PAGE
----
Editorial: Finding the Missing Middle
From coast to coast, Canadian cities are showing increased interest in so-called “missing middle” housing. The term encompasses a range of typologies—from laneway homes and secondary suites, to duplexes, townhomes, and small apartment buildings—any housing larger than a box-in-the-sky condominium, but smaller than a single-family detached home.
Building more of these types of housing, say advocates, will help to increase affordability by providing new ownership and rental opportunities. And building more densely, particularly in established neighbourhoods, will also contribute to the sustainability of cities, by putting people within walking and cycling distance from workplaces, schools and other day-to-day needs.
The need for missing middle housing is especially apparent in Toronto. The recent book House Divided: How the Missing Middle Will Solve Toronto’s Housing Crisis points out that some 200 square kilometres of the city—an area twice the size of Manhattan—is zoned exclusively for detached single-family residential dwellings. This so-called “Yellowbelt,” named for the colour in which it appears on zoning maps, is 1.8 times larger than all other areas zoned for housing in Toronto. Even more low-rise residential areas are shielded from change by the City’s Official Plan, which expects development to “respect and reinforce the existing physical character of the neighbourhood.”
While Toronto as a whole is growing, Yellowbelt neighbourhoods are actually losing population, as baby boomers hold on to houses after children have moved out, and affluent professionals (living singly, or with relatively small families) snap up available properties. “The average household size has fallen from 2.8 people in 1986 to 2.4 in 2016. And yet we each expect more space to live in,” writes Alex Bozikovic, one of the book’s co-editors. In his west-end neighbourhood, the schools, parks, and pools—created from 1945 to 1970, when the average home contained 3.5 to 4 people—now have plenty of spare capacity.
Meanwhile, there’s a scramble to provide amenities for new apartment tower neighbourhoods, built in the tiny sliver of space (about five percent of the city’s area) to which all new intensification is being directed.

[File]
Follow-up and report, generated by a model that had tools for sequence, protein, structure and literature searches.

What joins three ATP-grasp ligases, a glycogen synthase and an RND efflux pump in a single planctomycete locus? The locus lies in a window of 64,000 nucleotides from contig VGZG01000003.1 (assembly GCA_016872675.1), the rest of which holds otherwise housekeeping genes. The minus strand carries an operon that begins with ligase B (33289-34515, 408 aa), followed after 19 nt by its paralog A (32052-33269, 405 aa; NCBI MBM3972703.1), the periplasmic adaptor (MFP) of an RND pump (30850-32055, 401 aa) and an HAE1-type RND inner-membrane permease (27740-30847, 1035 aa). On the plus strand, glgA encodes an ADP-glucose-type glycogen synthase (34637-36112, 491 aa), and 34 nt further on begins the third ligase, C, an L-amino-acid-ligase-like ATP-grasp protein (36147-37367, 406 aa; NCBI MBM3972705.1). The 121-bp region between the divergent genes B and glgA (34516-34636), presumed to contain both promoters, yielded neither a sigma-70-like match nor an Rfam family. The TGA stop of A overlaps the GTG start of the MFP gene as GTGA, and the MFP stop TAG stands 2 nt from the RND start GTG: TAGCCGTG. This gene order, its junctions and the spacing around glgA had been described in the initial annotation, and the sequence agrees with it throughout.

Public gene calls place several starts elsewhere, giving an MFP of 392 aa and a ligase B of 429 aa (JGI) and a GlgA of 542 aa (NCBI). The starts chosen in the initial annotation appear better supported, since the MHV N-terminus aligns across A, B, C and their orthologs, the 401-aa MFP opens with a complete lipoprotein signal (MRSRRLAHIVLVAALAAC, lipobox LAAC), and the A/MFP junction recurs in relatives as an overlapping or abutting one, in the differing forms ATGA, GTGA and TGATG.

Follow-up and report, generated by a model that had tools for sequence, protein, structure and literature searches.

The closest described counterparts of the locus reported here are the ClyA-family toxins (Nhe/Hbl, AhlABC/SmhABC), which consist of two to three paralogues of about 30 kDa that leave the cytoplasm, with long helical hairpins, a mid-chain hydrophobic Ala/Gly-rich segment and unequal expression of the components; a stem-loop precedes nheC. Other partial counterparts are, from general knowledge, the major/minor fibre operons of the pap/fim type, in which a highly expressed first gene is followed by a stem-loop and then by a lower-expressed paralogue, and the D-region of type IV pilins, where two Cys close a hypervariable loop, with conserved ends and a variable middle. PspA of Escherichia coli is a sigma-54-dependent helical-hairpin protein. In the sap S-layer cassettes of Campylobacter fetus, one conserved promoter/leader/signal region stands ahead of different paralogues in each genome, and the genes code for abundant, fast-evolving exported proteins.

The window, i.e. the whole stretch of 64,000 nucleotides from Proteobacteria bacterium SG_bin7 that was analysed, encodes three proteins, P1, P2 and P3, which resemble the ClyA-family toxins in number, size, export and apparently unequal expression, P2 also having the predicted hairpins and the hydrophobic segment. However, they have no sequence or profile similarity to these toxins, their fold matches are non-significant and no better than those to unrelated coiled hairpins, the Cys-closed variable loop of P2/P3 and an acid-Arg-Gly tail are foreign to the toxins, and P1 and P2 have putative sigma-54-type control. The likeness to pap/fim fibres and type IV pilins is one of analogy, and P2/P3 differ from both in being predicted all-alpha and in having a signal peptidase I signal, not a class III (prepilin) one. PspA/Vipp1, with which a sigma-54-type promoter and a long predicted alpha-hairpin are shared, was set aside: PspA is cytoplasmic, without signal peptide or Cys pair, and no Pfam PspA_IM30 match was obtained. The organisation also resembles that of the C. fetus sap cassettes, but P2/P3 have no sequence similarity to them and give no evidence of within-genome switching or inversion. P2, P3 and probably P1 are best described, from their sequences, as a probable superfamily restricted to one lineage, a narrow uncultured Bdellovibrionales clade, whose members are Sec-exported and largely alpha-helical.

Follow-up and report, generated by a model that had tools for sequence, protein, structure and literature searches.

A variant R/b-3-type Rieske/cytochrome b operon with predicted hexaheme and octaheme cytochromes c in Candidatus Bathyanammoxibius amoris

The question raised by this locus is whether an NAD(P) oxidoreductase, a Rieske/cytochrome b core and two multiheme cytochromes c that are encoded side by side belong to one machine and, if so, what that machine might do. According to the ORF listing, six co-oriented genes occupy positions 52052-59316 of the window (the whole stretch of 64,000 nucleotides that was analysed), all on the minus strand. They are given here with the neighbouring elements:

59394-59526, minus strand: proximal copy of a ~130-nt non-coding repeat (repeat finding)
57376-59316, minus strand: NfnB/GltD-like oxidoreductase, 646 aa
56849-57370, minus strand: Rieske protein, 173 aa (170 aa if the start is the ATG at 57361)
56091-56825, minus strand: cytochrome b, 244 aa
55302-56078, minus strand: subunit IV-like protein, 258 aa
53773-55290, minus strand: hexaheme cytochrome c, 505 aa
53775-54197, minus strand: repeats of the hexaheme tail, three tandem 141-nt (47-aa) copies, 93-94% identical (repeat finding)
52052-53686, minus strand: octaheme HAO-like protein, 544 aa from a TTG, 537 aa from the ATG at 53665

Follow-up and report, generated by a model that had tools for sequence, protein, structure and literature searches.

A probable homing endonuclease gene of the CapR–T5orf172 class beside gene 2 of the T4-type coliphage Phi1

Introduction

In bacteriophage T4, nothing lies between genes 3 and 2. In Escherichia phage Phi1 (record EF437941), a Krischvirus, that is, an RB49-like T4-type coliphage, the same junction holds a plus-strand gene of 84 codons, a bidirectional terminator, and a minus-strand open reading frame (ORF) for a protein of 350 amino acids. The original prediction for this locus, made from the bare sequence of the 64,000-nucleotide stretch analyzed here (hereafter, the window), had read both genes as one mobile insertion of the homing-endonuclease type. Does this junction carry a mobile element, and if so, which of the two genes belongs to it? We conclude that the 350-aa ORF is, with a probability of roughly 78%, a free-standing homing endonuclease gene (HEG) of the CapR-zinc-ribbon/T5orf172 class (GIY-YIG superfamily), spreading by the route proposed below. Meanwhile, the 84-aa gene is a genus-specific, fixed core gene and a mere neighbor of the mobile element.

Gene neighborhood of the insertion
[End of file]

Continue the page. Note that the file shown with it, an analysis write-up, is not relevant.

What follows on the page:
Things are starting to change, albeit slowly. Edmonton recently hosted a competition to design and construct missing middle housing on a city-owned parcel. Vancouver has, since 2017, allowed some lots with laneway houses to be severed into separate strata titles. Toronto’s city council recently voted to explore new housing options in the Yellowbelt—a first step toward finding the missing middle.
What would a city with more missing middle be like? Maybe like Montreal, suggests co-editor John Lorinc, who writes about the three-storey walk-ups, with an apartment on each floor, that side shoulder-to-shoulder in vibrant areas like the Plateau.
Here in Toronto, I live opposite a block of three-storey social housing, where large families live in relatively small units. There’s sometimes a sense of division to the two sides of the street—the homeowners versus the renters. But it’s the Toronto Community Housing kids who are outside playing in all weather, and their parents and grandparents who sit on their porches throughout the day, providing the “eyes on the street” that add to the safety and life of the street.
As the next generation contends with the climate emergency, it will be critical to reduce our society’s carbon emissions, especially by targeting transportation and buildings, says Bozikovic. A powerful tool will be creating more middle-density housing in existing, walkable neighbourhoods.
Living more densely will have its challenges, but also its pleasures. “More neighbourhoods that are dense with people, dense with different kinds of activities, rich in amenities, and served with transit,” writes Bozikovic. “This is what Toronto needs now, and it is what the planet now demands from Toronto.”